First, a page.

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Loving my Barclaycard bPay pay band (and paying with my contactless cufflink)

I’ve always liked the idea of contactless.

Two years ago I took up the ‘contactless challenge’ from the team at Gemalto and tried out a series of tasks with the Gemalto supplied contactless SIM (in the Galaxy S4). It was a superb experience which really reinforced just how much I loved the concept of contactless.

The idea of a ‘pay band’ — a little piece of plastic containing a contactless module that’s worn on your wrist — was intriguing.

First, let me say, I don’t want to wear a band. I don’t wear a watch. But, given we’re talking ‘contactless’, I thought it was worth a shot.

I ordered by Barclaycard bPay band from the website and a day or so later it arrived. It was totally ‘free’ but of course in order to use it, you need to top it up with some money. It’s effectively a stand-alone PAYG debit card that you need to ‘load’.

You can choose a few colours. I opted for black.

It arrives in a nice funky case:


To activate, all I needed to do was log on to the bPay website and type in the serial number shown on the reverse of the band. Job done. It took about 30 seconds to do that and load on my first £25. I also checked the ‘auto top up’ feature which has been seriously useful.

How It Works

It’s actually a MasterCard contactless module inside the band.

I was quite surprised when I did my first transaction (see the cufflink bit coming up). I’m accustomed to contactless payments being done in a tap. I forgot that the bPay needs to be authorised first. So although the tap is just as fast as you’d expect, there’s a slight delay whilst the terminal calls up to check you’ve actually got the money in your account. Nay bother.


In The Bar

At the Grand Union bar in Farringdon this evening I wanted to buy a coke. £2.95. Arse. Anyway I asked if they had contactless. The chap nodded. I then explained I’d like to pay with my band.

His eyes widened.

He then explained, “There’s normally a £10 minimum charge for cards, but I want to see this working, so don’t worry.”

I took the coke and he brought over the terminal. I stuck my wrist over it like a magician. Two ladies standing next to me waiting to be served were momentarily amazed. The barman was suitably impressed. I really enjoyed the liberating feeling of not needing to arse about with wallets or money.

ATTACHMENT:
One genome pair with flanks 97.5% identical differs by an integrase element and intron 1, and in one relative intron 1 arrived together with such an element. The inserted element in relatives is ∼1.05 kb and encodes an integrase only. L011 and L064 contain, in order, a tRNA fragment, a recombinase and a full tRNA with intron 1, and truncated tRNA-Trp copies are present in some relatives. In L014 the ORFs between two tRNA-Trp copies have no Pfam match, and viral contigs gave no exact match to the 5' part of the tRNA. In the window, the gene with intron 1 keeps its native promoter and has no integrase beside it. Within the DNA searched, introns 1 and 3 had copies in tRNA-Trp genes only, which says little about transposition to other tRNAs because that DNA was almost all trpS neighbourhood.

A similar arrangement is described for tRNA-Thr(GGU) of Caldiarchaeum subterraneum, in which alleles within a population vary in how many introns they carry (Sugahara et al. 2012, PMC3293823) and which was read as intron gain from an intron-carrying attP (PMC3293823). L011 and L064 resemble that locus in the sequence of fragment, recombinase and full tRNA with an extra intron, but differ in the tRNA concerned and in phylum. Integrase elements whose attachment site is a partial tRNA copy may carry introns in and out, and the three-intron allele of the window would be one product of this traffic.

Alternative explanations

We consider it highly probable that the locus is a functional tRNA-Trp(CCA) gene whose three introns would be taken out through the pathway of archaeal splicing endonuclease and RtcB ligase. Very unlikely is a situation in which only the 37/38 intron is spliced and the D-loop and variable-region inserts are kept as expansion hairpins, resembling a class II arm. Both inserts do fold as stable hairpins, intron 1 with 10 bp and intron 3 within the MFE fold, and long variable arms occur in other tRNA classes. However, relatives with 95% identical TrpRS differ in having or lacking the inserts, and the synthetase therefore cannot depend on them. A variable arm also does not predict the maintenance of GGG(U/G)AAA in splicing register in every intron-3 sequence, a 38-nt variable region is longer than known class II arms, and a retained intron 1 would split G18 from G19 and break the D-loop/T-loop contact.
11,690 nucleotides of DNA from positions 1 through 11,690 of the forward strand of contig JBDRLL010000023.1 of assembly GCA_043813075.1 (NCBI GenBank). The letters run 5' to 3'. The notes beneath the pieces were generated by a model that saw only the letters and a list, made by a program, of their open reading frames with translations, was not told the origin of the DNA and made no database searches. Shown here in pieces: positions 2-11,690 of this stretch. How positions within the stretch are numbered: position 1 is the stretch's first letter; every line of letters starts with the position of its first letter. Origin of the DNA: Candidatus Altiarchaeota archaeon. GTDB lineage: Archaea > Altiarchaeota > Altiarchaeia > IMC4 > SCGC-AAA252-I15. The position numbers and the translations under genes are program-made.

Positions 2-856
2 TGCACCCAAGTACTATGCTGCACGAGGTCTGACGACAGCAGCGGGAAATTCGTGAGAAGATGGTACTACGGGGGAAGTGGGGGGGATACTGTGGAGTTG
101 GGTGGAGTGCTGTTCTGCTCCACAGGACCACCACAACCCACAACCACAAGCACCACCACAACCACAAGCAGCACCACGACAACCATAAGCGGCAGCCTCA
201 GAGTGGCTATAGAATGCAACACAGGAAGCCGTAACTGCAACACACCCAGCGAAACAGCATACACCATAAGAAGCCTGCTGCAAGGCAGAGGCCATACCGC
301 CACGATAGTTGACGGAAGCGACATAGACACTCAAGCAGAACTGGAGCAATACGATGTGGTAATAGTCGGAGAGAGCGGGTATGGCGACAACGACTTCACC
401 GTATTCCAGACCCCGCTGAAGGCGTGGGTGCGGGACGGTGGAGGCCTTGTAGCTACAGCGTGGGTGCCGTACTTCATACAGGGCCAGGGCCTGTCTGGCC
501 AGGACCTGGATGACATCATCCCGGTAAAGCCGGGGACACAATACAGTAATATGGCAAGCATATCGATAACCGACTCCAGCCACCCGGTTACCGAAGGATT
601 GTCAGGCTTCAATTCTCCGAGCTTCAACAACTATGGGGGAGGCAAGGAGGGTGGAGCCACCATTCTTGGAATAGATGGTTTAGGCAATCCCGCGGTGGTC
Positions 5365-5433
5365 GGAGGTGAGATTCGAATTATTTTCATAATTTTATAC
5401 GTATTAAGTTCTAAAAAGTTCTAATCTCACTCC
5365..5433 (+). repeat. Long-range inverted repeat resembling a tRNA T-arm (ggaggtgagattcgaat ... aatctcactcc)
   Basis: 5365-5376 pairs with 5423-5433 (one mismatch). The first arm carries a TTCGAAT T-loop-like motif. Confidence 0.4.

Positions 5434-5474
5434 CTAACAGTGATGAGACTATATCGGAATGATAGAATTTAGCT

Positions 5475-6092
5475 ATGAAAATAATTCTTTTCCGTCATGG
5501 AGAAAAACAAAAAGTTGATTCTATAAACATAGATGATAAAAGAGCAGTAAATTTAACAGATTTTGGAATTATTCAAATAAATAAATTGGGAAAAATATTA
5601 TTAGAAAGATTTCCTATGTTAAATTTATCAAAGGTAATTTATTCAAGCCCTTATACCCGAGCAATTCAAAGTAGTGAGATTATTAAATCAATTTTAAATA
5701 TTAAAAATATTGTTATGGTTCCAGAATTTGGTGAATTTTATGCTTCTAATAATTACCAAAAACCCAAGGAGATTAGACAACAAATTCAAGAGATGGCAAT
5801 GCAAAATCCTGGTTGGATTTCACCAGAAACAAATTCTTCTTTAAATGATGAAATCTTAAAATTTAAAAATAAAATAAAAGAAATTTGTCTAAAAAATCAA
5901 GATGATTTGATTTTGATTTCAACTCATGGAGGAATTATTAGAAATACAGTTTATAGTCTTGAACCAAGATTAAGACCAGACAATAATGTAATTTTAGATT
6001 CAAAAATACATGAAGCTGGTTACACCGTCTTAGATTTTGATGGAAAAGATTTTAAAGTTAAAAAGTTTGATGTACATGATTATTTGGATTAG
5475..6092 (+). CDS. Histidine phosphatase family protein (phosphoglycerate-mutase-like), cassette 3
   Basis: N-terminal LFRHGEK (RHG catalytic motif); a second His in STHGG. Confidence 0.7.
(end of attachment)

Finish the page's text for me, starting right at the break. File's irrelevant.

On The Bus

I looked like a total genius (at least, in my eyes) when I got on the number 521 bus this evening at Waterloo. I decided to go in the side entrance to the bus (at the back) rather than the front. I thought the distraction of the bPay might be a little too much for the driver.

I confidently strode up to the Oyster terminal and waited whilst everyone else messed around with wallets and Oyster cards. I then proceeded to briefly tap my wrist on the terminal.

“Card charged,” came the immediate message.

“Niiiiice,” I said to myself as the lady behind did a double-take. Mwhahahaha.

Working in Swindon I haven’t really had occasion to use the band on the tube yet. But I will. I definitely will. I can’t wait to do a Jedi wave over the Oyster terminal.

And I need to do the same at McDonalds, WH Smith and Pret.

The Contactless Cufflink

At the work dry cleaning concession yesterday I jokingly said to the lady that I’d like to pay with my cufflink. She looked at me, wondering if I was being serious. She held out the payment terminal and I reached across and tapped my cuff. I usually wear a proper double cuff shirt so the band wasn’t visible. It worked, of course. She was seriously impressed. I felt I had to tell her the reality lest she start telling folk about the company’s latest cufflink contactless system. I took off the band and held it over for her to take a look at. She was still impressed!

Auto Top-up is Really Useful

I really do like how, theoretically, I am completely sorted with contactless thanks to the band. I can now go out for the day in London without having to think about a wallet, credit cards or money. The auto top-up function is seamless and I’ve used it a few times this week as I paid for some expensive dry cleaning. The bPay website provides all the data you’d expect and you get email notification of top-ups.


I’d like a Credit bPay

I would like a bPay configured with my Barclaycard credit card so that I don’t need to worry about the actual top-up functionality. I can theoretically fix this, by messing around with my Barclaycard paytag. I still haven’t popped it out as I like showing it to folk. Alas the little sticker is a bit to big to fit into the bPay band holder. I can definitely foresee a time when I am automatically sent a bPay module, paytag and credit card every few years, along with a throw-away set of credentials for use online, rather than just a solitary plastic credit card.

Security Doesn’t Concern Me

A friend of mine at the bar this evening was asking what I’d do if I lost my bPay and “Isn’t that dangerous?” from a fraud standpoint.